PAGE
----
Review: Believe; What Life and Cricket Taught Me by Suresh Raina, Bharat Sundaresan

This short and easy read has numerous engaging anecdotes from every phase of Suresh Raina’s life. Those who watched him play for Team India or follow the IPL will enjoy this book that seamlessly merges stories from the cricketer’s personal and professional life
Suresh Raina of the Chennai Super Kings playing against Kings XI Punjab during an IPL match at PCA stadium in Mohali, Punjab on May 05, 2019. (Ravi Kumar/Hindustan Times)
Suresh Raina of the Chennai Super Kings playing against Kings XI Punjab during an IPL match at PCA stadium in Mohali, Punjab on May 05, 2019. (Ravi Kumar/Hindustan Times)
Updated on Nov 12, 2021 05:43 PM IST
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ByBiswadeep Ghosh

It was on 15th August, 2020 that Suresh Raina announced his retirement from international cricket. During his days as a Team India cricketer, he had testified to his importance as a middle-order batsman with the ability to score quick runs, run briskly, and stitch together match-winning partnerships mainly in the shorter versions of the game. He could pick up crucial wickets with his off-spinning deliveries while his lightning-quick ground fielding and catching enhanced his significance in the playing eleven.

240pp, ₹299; Penguin
240pp, ₹299; Penguin

Raina retired the day former India skipper Mahendra Singh Dhoni waved his final goodbye to international cricket, his tribute to the latter for playing such an important role in his career. In his autobiography Believe: What Life and Cricket Taught Me co-written with cricket journalist Bharat Sundaresan, Raina tells the reader that Dhoni is known as Thala (Chief) and he, Chinna Thala (Deputy Chief) in Chennai, the home of their Indian Premier League franchise Chennai Super Kings. Being spoken of in the same breath as MSD makes him proud, he confesses.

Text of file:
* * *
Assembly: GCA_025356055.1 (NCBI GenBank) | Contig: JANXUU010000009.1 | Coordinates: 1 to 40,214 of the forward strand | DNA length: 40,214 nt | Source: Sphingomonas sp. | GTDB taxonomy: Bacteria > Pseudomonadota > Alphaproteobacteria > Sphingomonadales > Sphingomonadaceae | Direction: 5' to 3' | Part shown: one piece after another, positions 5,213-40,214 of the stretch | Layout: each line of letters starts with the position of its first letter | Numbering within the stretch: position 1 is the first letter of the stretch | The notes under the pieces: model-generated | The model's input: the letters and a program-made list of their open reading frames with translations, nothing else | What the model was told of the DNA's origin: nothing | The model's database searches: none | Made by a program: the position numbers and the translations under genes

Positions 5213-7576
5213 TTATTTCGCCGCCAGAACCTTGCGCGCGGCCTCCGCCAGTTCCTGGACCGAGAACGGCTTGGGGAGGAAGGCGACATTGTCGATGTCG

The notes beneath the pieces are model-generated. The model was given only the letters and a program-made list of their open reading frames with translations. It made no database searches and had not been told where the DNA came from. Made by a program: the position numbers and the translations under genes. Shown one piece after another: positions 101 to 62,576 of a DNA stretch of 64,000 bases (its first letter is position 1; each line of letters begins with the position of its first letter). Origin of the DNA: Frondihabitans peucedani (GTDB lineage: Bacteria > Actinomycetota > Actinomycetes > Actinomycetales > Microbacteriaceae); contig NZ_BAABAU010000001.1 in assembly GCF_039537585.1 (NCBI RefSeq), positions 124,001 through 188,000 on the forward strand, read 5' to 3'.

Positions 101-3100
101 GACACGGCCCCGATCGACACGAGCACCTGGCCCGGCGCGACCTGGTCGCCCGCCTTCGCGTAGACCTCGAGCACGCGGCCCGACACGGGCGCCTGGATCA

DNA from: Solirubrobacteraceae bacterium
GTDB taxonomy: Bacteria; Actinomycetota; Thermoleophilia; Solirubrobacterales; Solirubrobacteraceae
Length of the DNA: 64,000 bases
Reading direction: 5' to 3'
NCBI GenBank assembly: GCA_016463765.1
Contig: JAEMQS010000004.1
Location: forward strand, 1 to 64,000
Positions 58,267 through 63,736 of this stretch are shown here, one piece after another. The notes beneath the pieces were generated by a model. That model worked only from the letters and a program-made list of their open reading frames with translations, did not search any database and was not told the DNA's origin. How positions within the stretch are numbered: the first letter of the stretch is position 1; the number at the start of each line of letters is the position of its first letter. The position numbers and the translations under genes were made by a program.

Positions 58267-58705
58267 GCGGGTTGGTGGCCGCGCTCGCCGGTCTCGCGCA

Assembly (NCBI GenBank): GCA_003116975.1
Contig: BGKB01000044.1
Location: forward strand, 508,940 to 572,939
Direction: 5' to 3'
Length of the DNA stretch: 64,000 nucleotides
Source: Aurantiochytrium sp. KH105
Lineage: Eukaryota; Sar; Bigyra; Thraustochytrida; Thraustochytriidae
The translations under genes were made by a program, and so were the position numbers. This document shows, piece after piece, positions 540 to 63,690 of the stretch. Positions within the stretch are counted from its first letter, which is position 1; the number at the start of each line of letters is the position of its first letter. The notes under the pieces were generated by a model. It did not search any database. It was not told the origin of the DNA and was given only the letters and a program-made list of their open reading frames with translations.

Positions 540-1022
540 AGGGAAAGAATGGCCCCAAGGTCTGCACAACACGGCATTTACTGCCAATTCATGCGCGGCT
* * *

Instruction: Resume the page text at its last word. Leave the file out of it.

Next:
As is the case with many cricketers of his generation, Raina idolised Sachin Tendulkar, which explains why a chapter on his impressions of the legend starts the book. He considers himself privileged to have had training sessions with Tendulkar early on in his career and remembers being amazed at the Master Blaster’s dedication and humility. One day, Tendulkar told him, “Believe in yourself. You can do it.” He got ‘Believe’ etched on his arm as a tattoo, and now, it is the title of his autobiography.

The cricketer from Muradnagar in Uttar Pradesh was born into a family of modest financial means, and he is admirably frank while talking about his early struggle. Playing in a drainage canal and having kulfi and bread pakodas are precious memories for him. His father was from Kashmir, and his mother, from Himachal Pradesh. Cricket fascinated the youngster at school, and he eventually made it to a sports hostel in Lucknow.

The short and easy read has numerous engaging anecdotes from every phase of Raina’s life. He was a good student and a fine cricketer, which made him a target of envious seniors at the hostel. He had to ensure their laundry was done, and there would be times when cold water was splashed on his face. He learned to live with such experiences despite the discomfort. They were a part of growing up.

Raina talks about several turning points, among them the U-19 World Cup in 2004. He received the Border-Gavaskar scholarship along with Shikhar Dhawan and Venugopal Rao, an occasion he recollects with pride because he had been picked by Sunil Gavaskar. Once in Australia, he watched greats like Ricky Ponting, Brett Lee and Matthew Hayden train from close quarters. The experience would contribute to his understanding of preparation at the highest level.

A cricketer representing his country has a variety of experiences when he travels and plays the game. So did Raina. The book talks about them, the best moment of his career being the 2011 World Cup triumph as a member of Team India led by Dhoni.

The highlights of the book, however, are the chapters on legends like Tendulkar, Rahul Dravid and Dhoni in which he reflects on their strengths both as players and human beings outside the field. The book also has a chapter on former Australian captain-turned-coach Greg Chappell, whose tenure as Team India coach was marked by allegations of politics and internal instability.

Raina will make a few eyebrows twitch with his statement that ‘...despite all the controversies around his coaching career, he (Chappell) taught India how to win and the importance of winning.” He does refer to Chappell’s shortcomings too, stating, “He should have respected them more – people like Sachin and Dada (Sourav Ganguly).” Some specific details in this context might have been an eye-opener.

Believe seamlessly merges stories from the cricketer’s personal and professional life. Those who watched the game when Raina played for Team India or follow the IPL in which he is a superstar will like the book.

Biswadeep Ghosh is an independent journalist. Among his books is MSD: The Man, The Leader, the biography of former Indian cricket captain MS Dhoni..

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Monday, January 24, 2022